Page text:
Regarding the conclusions and recommendations by the Danish ministries, these studies seem to indicate that there might be a connection between the construction of the financial system and the number of pupils that schools choose or do not choose to include. In the years following the 2010 report from the Danish ministries, many Danish municipalities chose to follow the recommendation to adopt the decentralisation of special educational budgets for schools, thereby strengthening incentives for inclusion. Though none of the twelve representatively chosen municipalities had established this financial setup at the beginning of 2010, more and more municipalities proceeded in this direction and adopted a decentralised system. By 2019, the balance tipped and 51% of all Danish municipalities had adopted the system and decentralised their budget for special educational support to schools, whereas 49% of them still followed the traditional centralised budget model [11]. In 2021, the pattern continued and 57% of all Danish municipalities had adopted decentralised budgets, whereas 43% continued to follow the centralised model [5]. This strong pattern causes it to be imperative to investigate further details of the consequences of the model in practice for the schools working with it and the real-life pros and cons of the increasingly popular model. The research questions of this study stem from the aforementioned aims of the investigation.

3. Data and Methods

This qualitative case study builds on interviews of school leaders and municipal administrative leaders conducted across the years 2019, 2020, and 2021. These were semi-structured interviews [12], in which 11 municipal administrative leaders were interviewed; out of these, 7 were from municipalities working with the decentralised budget model and 4 were from those working with the centralised budget model. In addition, interviews of 16 school leaders were used, out of which 10 worked with decentralised budget models and 6 worked with centralised budget models. All interviews were audio recorded, generating approximately 27 h of recorded material. This material was transcribed in Danish. Transcript symbols can be seen in Appendix A. The resulting transcripts were coded according to the study’s two research questions. This constructed a focused data set, which was later analysed qualitatively, focusing on bringing forward the rationales as well as the dilemmas of the two budget models according to the participating leaders. The author conducted all coding and analysis. The excerpts used in this study have been translated into English.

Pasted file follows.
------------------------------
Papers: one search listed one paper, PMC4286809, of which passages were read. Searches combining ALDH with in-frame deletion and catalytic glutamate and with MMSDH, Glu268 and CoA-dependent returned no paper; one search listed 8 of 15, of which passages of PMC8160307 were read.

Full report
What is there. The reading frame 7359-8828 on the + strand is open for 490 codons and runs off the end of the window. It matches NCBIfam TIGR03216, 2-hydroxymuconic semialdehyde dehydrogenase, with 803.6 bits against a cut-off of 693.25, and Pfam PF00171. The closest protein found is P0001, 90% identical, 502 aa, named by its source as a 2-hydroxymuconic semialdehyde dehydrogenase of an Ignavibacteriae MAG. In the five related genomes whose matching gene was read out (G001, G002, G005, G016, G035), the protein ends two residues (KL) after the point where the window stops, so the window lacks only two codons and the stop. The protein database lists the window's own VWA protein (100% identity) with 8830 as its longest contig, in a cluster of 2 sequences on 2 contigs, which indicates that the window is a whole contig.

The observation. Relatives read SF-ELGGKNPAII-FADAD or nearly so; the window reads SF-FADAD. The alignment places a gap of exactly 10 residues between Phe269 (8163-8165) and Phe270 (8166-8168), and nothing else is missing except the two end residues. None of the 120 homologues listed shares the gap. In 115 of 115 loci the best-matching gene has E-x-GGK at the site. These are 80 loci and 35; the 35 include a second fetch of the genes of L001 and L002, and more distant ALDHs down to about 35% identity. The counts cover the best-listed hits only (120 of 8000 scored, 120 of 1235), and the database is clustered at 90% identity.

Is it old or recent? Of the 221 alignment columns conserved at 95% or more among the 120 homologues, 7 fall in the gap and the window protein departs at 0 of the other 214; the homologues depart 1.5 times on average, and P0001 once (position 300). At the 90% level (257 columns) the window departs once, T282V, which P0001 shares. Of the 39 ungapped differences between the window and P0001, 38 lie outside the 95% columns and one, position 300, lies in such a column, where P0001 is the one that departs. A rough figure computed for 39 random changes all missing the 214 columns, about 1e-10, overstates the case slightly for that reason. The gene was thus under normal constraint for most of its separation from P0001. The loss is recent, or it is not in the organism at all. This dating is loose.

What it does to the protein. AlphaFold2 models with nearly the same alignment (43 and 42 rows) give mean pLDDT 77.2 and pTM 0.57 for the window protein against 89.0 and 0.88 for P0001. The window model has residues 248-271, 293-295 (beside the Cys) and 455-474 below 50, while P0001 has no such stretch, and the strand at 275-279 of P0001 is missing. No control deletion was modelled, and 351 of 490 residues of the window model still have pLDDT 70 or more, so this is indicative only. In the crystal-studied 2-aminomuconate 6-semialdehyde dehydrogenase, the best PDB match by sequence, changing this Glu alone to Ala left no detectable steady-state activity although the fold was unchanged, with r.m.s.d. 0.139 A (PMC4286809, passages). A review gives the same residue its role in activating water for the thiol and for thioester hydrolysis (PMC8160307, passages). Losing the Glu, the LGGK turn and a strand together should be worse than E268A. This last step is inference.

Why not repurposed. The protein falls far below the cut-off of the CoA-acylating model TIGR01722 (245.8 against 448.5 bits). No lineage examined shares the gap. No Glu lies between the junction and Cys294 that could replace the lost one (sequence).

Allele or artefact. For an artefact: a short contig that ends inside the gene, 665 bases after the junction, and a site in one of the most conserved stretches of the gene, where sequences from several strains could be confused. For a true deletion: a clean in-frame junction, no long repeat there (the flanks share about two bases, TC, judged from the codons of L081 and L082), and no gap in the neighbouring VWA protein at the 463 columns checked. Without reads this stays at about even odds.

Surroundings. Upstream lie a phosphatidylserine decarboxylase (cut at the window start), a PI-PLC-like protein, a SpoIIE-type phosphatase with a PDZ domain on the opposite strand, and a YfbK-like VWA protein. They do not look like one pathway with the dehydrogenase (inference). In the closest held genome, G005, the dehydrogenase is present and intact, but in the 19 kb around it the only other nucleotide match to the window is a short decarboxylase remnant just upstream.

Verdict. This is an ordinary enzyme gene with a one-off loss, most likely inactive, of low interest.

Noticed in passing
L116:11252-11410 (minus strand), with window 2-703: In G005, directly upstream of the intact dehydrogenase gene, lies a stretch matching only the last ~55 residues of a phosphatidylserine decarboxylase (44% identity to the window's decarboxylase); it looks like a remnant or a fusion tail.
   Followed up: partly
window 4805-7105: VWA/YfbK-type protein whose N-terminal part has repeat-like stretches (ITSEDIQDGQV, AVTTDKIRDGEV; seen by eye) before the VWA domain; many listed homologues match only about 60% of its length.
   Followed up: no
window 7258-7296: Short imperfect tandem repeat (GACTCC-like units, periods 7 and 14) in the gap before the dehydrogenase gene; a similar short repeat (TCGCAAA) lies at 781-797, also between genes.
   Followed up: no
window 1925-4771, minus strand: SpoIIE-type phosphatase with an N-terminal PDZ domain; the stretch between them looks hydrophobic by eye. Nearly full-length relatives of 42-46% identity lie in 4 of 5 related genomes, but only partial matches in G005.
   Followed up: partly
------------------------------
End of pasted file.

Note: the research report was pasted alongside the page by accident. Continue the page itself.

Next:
All the participants were informed of the purpose of the study and accepted to participate and all data were gathered, stored, and analysed in accordance with the European General Data Protection Regulation [13]. To protect the anonymity of participants, information such as names, places, and so forth have been deleted or modified, and all municipalities are anonymised as well.
Regarding the interpretation of the results, it is important to underscore that the study is a qualitative interview-based case study with a limited number of participants. Therefore, generalisation should be done with caution. In addition, it is noteworthy that the purpose of this study was not to represent, for instance, the perspectives of all Danish school leaders or municipal leaders working with different types of budget models, but rather to explore the types of rationales, dilemmas, and the nature of arguments that our participants put forward in the conducted interviews.

4. Results of the Study

In this section, the results of the study are presented in the following two sections. Section 4.1 scrutinises the rationales of the decentralised budget model as accounted by municipal and school leaders, while Section 4.2 analyses the dilemmas and shortcomings of the model as accounted by municipal and school leaders.

4.1. Rationales of the “Inclusion-Promoting” Budget Model as Accounted by the Leaders